I have two questions regarding this event; Question one: why isn't this episode considered to be the rapture, rather than the first verse of chapter four? Add to this, why isn't the same event as described in the 10th verse of chapter one used as the rapture instead of chapter four? Question two: what happened to the reported secret rapture where everyone disappears into the sky, when in the 7th verse of chapter one it clearly states that “every eye will see Him”?
And for a third, bonus question: Why is it that these men, who's purpose it is to tear the Book apart, looking at every detail, while supposedly searching for the “truth,” can so easily slide past these blatant conflicts without even batting an eye?
As you can see, in my view, I have taken a full right turn, while the rest of the class, and the commentaries, have taken a full left turn. I don't bother to interject my opinion any more, since all it could do is present more confusion. I offer a question now and then, just to see what their reasoning might be, but my questions are usually dismissed with little consideration.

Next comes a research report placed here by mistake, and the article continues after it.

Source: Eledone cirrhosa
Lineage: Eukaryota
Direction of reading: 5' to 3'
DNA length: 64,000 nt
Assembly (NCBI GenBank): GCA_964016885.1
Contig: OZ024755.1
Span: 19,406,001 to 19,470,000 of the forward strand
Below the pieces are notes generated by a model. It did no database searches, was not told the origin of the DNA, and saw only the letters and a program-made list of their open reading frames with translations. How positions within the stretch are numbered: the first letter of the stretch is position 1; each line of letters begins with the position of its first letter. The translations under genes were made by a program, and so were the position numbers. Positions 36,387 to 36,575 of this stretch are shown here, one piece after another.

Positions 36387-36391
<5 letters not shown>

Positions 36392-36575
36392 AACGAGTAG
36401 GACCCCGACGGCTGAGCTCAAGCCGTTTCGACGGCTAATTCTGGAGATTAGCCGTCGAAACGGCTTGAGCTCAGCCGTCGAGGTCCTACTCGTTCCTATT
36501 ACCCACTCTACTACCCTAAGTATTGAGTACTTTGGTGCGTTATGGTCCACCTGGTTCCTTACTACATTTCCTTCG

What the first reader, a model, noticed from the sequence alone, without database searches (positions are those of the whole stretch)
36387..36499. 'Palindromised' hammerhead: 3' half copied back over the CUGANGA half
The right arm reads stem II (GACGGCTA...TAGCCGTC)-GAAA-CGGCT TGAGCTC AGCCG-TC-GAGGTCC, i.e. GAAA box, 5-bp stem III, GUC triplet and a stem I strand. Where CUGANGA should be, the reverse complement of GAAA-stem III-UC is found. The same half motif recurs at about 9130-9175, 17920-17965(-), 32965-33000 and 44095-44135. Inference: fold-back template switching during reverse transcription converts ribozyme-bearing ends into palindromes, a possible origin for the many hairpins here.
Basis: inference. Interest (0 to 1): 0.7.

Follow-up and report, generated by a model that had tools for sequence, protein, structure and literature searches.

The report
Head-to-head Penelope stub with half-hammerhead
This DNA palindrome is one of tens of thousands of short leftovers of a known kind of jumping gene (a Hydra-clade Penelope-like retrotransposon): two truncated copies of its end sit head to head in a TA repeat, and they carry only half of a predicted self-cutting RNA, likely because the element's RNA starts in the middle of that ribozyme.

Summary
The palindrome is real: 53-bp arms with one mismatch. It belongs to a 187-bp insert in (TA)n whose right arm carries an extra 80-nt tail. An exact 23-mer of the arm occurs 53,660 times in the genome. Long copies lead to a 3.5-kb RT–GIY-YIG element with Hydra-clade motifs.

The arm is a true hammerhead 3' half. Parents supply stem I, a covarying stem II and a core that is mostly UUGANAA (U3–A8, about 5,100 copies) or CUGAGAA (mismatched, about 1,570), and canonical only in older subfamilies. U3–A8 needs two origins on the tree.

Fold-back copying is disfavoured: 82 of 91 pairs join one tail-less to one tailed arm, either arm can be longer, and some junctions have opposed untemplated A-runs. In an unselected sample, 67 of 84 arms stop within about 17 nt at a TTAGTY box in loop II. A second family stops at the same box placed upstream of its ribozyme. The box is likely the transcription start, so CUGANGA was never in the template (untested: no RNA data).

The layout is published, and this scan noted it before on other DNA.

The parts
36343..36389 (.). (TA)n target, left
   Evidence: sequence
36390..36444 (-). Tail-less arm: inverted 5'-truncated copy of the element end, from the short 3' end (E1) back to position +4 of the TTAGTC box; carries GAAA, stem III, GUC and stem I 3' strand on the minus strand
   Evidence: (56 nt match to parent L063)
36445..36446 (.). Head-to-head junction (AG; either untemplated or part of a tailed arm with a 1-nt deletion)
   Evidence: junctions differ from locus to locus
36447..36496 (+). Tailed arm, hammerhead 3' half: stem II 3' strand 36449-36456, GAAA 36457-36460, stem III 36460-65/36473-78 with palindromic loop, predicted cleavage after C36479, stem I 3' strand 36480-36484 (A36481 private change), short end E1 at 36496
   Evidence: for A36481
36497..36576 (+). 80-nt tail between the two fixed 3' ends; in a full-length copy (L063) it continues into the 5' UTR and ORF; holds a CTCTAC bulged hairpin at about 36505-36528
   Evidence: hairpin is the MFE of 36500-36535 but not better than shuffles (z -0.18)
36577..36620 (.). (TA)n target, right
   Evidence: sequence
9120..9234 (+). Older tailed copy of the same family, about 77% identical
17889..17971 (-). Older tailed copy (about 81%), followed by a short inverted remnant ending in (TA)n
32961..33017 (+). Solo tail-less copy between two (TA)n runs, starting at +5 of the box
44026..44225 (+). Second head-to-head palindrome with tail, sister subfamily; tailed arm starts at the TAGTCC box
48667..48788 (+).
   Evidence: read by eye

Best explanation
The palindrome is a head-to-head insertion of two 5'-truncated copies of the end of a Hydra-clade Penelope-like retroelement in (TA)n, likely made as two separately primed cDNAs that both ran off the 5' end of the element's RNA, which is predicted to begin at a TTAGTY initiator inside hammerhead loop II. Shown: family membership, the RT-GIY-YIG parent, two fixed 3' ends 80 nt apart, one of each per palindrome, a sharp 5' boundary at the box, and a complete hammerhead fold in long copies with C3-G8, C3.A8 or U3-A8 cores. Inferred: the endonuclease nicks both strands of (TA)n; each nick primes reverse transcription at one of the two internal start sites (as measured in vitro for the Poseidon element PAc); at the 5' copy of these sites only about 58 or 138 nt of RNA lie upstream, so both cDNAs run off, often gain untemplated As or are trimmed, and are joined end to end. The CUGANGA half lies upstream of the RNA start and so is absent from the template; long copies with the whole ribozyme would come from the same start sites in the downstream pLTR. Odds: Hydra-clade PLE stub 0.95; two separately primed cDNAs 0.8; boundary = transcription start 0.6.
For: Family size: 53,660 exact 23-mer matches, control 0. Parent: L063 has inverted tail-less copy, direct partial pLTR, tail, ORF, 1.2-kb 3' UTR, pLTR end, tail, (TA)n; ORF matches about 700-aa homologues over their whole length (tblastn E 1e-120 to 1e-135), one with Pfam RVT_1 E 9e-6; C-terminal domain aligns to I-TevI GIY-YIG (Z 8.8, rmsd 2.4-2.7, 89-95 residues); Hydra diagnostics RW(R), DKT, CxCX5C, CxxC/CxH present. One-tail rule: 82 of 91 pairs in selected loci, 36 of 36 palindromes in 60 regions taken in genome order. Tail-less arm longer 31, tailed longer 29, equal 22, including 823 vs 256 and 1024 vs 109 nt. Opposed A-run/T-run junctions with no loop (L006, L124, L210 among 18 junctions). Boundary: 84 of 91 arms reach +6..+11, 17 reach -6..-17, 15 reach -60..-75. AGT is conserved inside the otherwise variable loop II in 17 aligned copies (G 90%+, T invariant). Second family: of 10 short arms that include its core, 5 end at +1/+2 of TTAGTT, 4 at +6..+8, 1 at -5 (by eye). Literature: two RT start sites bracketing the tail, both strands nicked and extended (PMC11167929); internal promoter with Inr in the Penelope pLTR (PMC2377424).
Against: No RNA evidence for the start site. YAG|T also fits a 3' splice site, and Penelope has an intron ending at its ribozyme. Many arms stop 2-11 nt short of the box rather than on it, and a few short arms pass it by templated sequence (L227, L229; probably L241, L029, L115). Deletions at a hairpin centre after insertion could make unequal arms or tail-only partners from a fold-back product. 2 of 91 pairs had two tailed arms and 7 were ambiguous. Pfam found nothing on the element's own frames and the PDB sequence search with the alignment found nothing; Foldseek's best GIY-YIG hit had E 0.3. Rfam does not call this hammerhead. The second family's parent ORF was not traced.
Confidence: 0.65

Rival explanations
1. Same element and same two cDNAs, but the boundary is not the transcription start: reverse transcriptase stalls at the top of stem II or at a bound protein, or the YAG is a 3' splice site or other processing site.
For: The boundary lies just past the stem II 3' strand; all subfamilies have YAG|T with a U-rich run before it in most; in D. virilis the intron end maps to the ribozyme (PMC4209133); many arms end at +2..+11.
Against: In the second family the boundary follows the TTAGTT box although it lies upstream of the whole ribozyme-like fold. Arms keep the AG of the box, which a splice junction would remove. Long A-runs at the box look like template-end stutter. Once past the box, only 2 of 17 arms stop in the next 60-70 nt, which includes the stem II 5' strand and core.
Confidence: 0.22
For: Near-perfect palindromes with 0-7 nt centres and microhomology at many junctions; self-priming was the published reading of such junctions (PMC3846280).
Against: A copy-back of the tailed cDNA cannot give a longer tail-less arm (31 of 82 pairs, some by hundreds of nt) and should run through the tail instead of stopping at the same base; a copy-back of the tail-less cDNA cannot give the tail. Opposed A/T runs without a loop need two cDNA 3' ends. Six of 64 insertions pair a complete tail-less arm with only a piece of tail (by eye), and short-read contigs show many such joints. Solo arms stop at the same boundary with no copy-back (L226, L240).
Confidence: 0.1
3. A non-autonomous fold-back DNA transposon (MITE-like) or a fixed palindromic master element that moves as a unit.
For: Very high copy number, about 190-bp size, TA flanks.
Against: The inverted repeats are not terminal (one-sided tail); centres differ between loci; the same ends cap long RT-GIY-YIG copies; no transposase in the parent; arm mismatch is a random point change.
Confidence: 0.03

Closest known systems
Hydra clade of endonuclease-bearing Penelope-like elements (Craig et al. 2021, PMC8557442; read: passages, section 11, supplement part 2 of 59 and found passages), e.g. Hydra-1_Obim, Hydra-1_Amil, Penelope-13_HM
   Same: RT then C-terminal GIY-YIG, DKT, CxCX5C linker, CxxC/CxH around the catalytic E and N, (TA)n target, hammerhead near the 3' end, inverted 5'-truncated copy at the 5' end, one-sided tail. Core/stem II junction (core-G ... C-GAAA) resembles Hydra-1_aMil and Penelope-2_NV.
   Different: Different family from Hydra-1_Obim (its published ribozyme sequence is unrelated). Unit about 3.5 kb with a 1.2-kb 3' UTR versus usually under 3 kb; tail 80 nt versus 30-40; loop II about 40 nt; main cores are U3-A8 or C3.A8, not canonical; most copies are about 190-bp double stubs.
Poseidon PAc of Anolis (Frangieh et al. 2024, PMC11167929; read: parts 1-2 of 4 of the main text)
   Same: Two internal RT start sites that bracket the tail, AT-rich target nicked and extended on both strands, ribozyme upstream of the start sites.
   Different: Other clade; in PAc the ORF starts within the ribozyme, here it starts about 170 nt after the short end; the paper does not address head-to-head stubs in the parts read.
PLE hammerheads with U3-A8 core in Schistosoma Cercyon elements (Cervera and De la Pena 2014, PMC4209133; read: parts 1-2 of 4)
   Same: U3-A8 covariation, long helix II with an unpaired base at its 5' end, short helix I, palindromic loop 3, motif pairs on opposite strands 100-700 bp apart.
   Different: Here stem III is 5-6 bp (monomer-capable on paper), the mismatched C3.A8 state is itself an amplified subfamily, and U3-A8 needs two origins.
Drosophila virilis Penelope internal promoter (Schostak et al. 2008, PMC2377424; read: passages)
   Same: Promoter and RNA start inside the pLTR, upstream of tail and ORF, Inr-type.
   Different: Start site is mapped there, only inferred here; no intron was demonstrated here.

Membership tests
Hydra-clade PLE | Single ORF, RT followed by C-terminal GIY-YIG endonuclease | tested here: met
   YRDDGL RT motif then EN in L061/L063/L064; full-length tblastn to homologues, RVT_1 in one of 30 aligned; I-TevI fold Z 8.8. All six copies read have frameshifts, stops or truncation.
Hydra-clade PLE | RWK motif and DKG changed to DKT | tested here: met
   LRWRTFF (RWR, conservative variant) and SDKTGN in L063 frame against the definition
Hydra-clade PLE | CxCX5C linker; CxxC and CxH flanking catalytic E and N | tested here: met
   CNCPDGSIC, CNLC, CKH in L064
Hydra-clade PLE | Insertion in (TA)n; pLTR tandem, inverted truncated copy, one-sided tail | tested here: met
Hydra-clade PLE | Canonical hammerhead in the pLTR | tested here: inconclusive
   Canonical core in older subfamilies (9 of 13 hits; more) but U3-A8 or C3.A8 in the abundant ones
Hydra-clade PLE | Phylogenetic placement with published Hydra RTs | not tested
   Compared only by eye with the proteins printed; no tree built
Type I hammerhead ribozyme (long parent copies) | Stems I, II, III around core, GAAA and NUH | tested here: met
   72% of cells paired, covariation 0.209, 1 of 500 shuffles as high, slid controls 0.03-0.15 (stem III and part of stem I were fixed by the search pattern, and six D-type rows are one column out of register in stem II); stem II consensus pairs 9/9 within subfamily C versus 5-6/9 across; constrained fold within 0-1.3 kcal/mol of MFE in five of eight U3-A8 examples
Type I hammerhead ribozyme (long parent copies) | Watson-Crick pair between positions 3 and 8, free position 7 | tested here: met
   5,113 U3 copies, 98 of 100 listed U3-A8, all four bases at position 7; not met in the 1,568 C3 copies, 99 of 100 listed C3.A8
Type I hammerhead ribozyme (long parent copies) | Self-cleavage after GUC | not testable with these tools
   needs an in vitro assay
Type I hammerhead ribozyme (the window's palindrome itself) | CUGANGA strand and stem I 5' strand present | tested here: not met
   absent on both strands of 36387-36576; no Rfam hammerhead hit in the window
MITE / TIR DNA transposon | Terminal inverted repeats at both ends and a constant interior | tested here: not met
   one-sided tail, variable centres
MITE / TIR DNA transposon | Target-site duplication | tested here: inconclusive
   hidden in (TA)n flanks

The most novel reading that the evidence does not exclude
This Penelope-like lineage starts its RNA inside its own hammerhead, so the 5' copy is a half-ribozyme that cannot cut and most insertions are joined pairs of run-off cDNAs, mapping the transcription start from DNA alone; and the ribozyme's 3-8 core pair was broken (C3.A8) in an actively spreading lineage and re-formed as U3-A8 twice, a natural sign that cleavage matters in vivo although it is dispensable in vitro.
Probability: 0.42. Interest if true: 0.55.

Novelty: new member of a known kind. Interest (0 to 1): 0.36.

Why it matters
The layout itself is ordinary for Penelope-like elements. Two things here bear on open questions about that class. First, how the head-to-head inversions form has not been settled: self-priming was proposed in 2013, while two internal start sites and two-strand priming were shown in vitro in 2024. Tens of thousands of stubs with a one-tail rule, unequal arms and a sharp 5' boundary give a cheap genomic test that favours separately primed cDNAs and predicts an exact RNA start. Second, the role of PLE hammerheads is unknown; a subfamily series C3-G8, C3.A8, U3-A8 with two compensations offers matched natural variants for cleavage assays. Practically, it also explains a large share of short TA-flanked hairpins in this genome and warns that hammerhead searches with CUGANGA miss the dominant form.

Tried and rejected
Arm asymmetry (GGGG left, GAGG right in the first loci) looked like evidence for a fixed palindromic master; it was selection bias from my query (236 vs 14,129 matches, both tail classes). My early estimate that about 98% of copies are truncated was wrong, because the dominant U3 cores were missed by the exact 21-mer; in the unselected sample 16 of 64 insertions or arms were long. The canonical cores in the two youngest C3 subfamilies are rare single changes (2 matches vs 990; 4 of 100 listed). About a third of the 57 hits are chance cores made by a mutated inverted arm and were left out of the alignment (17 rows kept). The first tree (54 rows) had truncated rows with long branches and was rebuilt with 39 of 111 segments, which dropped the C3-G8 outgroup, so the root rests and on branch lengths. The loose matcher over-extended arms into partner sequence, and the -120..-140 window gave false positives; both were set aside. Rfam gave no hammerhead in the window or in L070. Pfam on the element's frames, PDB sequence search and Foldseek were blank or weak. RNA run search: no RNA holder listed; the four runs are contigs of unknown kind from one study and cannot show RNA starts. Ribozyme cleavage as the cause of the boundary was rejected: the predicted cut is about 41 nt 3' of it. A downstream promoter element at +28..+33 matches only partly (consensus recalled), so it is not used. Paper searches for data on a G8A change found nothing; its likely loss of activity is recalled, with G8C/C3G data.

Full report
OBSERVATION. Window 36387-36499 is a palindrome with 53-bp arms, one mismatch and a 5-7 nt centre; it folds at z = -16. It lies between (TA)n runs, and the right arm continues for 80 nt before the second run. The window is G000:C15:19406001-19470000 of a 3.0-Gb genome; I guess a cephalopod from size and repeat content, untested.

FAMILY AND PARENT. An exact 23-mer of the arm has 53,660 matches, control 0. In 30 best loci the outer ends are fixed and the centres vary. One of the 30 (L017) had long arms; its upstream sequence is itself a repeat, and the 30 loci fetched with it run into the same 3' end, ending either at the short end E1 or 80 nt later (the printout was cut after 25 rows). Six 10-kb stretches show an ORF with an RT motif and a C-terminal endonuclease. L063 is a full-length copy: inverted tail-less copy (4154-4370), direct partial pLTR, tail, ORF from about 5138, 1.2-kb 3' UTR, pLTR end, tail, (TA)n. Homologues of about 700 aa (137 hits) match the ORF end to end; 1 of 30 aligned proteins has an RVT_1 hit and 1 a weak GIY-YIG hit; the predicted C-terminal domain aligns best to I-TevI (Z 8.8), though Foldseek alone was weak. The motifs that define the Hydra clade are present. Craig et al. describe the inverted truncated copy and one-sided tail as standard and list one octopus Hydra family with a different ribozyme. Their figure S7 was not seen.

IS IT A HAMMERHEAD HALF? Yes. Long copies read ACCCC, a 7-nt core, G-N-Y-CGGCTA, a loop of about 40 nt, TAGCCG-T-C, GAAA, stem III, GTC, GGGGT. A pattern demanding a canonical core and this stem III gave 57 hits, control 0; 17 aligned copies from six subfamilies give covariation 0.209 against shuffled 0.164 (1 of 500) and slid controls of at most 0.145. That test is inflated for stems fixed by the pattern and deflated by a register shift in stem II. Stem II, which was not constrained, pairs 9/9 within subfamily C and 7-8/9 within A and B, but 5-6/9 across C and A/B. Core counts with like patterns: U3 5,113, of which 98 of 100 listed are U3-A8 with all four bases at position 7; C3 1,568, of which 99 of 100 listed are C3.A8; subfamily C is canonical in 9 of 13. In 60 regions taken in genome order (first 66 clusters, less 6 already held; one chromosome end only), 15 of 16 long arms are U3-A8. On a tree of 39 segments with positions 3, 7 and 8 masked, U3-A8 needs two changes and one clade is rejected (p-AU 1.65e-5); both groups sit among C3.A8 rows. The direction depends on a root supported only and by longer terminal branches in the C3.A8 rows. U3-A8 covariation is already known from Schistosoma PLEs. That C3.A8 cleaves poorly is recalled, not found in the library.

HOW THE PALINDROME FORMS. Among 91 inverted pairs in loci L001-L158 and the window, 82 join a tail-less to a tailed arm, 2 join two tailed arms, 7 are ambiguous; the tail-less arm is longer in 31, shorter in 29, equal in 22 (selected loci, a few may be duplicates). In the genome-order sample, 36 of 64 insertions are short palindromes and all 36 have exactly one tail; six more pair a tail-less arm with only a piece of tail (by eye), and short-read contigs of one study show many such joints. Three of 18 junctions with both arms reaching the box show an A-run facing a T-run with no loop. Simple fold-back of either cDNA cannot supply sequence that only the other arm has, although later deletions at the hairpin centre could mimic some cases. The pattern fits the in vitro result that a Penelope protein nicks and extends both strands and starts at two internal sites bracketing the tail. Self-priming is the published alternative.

This obvious conflict is minor in comparison to many of the more serious conflicts and discrepancies locked into the doctrines of the churches. The more I study the Bible, the more I find that those in power are not interested in learning the truth, but instead they are interested in pushing forth their faulted concept of God's truth. For us of the congregation, those who are essentially dependent upon the integrity of the ones placed in authority, we have to decide if we are going to take the easy route and ride the waves of the common view, or to battle the pesky inconsistencies of doctrine.